Tuesday, October 21, 2014

The value of questioning

Last year, nearly exactly a year ago, actually - I attended a retreat in New York to see Pema Chodron teach. She has been one of the greatest influences of my practice and I appreciate her teachings so much.

Also teaching with her was Elizabeth Mattis Namgyel. The talk she gave at the retreat resonated with me in a profound way and changed and continues to change my life significantly.

She has written a book called The Power of an Open Question and has a blog where she invites people to post questions to her. I wrote her a question about a month ago and upon my return from Berlin there was an email from her secretary letting me know that Elizabeth has composed a response (She doesn't believe in answers as answers imply that you 'know' something. I have tested this and totally agree. Questions allow us to remain open, answers lead to closed minds).

Well, the response is published on her site now!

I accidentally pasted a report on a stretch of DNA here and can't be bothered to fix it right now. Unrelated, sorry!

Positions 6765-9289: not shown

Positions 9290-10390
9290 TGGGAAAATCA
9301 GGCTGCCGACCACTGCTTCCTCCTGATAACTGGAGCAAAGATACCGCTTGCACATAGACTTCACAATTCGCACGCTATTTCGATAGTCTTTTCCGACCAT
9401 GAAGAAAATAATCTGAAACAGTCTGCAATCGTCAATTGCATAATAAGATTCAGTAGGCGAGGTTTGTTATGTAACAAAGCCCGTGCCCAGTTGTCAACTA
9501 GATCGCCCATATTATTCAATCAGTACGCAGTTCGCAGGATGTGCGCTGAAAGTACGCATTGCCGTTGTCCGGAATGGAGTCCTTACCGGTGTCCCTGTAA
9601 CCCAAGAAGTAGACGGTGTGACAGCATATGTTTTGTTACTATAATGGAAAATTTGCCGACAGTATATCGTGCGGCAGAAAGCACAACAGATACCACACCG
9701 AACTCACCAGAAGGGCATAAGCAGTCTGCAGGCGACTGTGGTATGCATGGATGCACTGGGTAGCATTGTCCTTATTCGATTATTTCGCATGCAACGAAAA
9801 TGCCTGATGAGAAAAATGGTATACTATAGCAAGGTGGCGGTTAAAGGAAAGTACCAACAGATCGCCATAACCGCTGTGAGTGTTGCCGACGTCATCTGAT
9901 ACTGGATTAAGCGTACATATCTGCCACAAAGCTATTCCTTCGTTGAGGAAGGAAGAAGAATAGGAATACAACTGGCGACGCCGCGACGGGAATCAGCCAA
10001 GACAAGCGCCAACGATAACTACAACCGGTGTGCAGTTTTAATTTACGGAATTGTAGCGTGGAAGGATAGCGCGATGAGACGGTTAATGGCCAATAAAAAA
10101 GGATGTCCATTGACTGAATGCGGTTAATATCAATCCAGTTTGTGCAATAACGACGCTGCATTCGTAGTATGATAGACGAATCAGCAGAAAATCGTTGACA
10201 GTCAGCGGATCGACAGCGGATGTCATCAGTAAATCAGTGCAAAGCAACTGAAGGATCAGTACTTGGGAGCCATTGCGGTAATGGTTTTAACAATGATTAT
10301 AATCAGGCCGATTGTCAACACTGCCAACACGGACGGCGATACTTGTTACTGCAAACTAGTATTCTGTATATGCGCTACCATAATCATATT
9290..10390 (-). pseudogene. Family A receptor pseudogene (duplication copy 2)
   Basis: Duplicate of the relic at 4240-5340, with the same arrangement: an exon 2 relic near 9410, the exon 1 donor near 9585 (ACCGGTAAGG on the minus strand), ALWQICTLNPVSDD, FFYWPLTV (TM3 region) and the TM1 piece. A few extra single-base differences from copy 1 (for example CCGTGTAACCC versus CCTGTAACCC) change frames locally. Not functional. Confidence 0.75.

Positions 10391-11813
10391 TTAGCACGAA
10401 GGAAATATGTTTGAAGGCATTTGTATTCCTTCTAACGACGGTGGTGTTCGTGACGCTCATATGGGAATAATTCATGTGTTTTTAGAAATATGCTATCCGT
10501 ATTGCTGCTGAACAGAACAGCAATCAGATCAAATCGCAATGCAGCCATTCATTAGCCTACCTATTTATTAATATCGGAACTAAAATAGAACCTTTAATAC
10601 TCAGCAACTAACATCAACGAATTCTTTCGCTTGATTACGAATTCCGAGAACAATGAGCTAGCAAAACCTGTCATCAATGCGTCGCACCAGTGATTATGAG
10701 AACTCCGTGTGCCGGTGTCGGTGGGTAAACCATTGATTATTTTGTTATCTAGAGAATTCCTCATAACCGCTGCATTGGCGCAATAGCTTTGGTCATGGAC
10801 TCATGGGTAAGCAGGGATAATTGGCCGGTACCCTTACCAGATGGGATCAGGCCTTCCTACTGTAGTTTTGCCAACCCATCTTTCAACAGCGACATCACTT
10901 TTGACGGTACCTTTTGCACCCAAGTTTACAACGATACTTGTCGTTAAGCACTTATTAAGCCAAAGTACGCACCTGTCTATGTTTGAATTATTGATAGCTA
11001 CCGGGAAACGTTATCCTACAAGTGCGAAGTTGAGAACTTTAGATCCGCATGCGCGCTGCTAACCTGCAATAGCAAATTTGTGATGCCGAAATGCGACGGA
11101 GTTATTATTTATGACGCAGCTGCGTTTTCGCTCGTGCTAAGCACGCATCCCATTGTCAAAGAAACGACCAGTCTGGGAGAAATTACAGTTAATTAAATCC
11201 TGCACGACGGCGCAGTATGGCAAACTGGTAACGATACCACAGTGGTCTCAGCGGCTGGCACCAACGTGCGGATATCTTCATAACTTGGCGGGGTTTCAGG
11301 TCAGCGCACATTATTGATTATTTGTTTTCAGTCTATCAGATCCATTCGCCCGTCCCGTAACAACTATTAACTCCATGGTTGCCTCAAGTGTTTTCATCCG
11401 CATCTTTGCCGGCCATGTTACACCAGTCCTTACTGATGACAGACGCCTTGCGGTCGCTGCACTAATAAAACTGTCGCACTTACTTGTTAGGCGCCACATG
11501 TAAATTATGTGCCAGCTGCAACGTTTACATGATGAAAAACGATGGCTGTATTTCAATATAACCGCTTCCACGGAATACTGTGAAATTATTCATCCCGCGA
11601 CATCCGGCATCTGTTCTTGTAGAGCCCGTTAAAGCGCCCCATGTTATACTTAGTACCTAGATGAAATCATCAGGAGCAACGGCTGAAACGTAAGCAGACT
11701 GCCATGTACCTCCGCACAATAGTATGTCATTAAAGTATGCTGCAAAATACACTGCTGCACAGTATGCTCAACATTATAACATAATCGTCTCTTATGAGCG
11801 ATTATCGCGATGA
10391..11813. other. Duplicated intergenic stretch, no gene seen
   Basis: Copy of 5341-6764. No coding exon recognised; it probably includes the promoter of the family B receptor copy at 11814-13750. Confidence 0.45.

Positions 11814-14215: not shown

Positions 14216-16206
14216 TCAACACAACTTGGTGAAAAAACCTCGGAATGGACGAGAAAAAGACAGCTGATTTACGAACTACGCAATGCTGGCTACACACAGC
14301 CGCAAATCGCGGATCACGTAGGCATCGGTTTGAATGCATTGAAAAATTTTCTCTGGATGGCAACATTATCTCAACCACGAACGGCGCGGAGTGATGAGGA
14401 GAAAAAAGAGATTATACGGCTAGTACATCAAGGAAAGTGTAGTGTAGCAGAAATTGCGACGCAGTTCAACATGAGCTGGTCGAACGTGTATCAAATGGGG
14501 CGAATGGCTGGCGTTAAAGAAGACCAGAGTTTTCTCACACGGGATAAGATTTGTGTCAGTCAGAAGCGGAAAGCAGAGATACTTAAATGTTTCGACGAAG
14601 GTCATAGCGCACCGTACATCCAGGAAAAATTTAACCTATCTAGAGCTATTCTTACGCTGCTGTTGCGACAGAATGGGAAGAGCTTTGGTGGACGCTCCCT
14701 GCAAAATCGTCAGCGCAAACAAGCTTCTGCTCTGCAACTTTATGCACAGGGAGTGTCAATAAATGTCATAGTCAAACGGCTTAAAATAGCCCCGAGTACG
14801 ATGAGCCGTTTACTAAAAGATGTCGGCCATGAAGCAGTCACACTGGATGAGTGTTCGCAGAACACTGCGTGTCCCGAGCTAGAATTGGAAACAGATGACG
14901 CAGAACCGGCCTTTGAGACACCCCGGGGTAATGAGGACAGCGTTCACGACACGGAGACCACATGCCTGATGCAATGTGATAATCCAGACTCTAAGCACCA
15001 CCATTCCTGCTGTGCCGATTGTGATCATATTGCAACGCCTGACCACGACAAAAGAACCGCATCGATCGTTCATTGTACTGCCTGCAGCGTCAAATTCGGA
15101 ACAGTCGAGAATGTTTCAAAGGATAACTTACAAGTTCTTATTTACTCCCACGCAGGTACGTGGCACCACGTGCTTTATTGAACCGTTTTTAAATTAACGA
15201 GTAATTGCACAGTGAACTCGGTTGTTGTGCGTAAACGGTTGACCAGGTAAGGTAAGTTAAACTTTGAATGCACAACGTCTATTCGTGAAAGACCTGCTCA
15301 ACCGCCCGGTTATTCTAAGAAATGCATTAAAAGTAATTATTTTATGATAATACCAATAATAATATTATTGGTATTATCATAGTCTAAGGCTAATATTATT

I'm absolutely over the moon to have someone I so admire engage in communication with me. Her response is wonderfully articulate and you can read it here: http://www.elizabethmattisnamgyel.com/logic-love/

If you haven't time to read it one of the key things that I love about her response (because she has given me words I was struggling to find on my own but had a very strong felt sense of) is:
"To say that someone does not deserve compassion lacks the humility and understanding that we actually don’t know anything or anyone in a determinate way. We don’t see the fullness and complexity of any situation. To think that someone is limited to the idea you have of him\her is not in accord with the way things are. It is extremely myopic and narrow."

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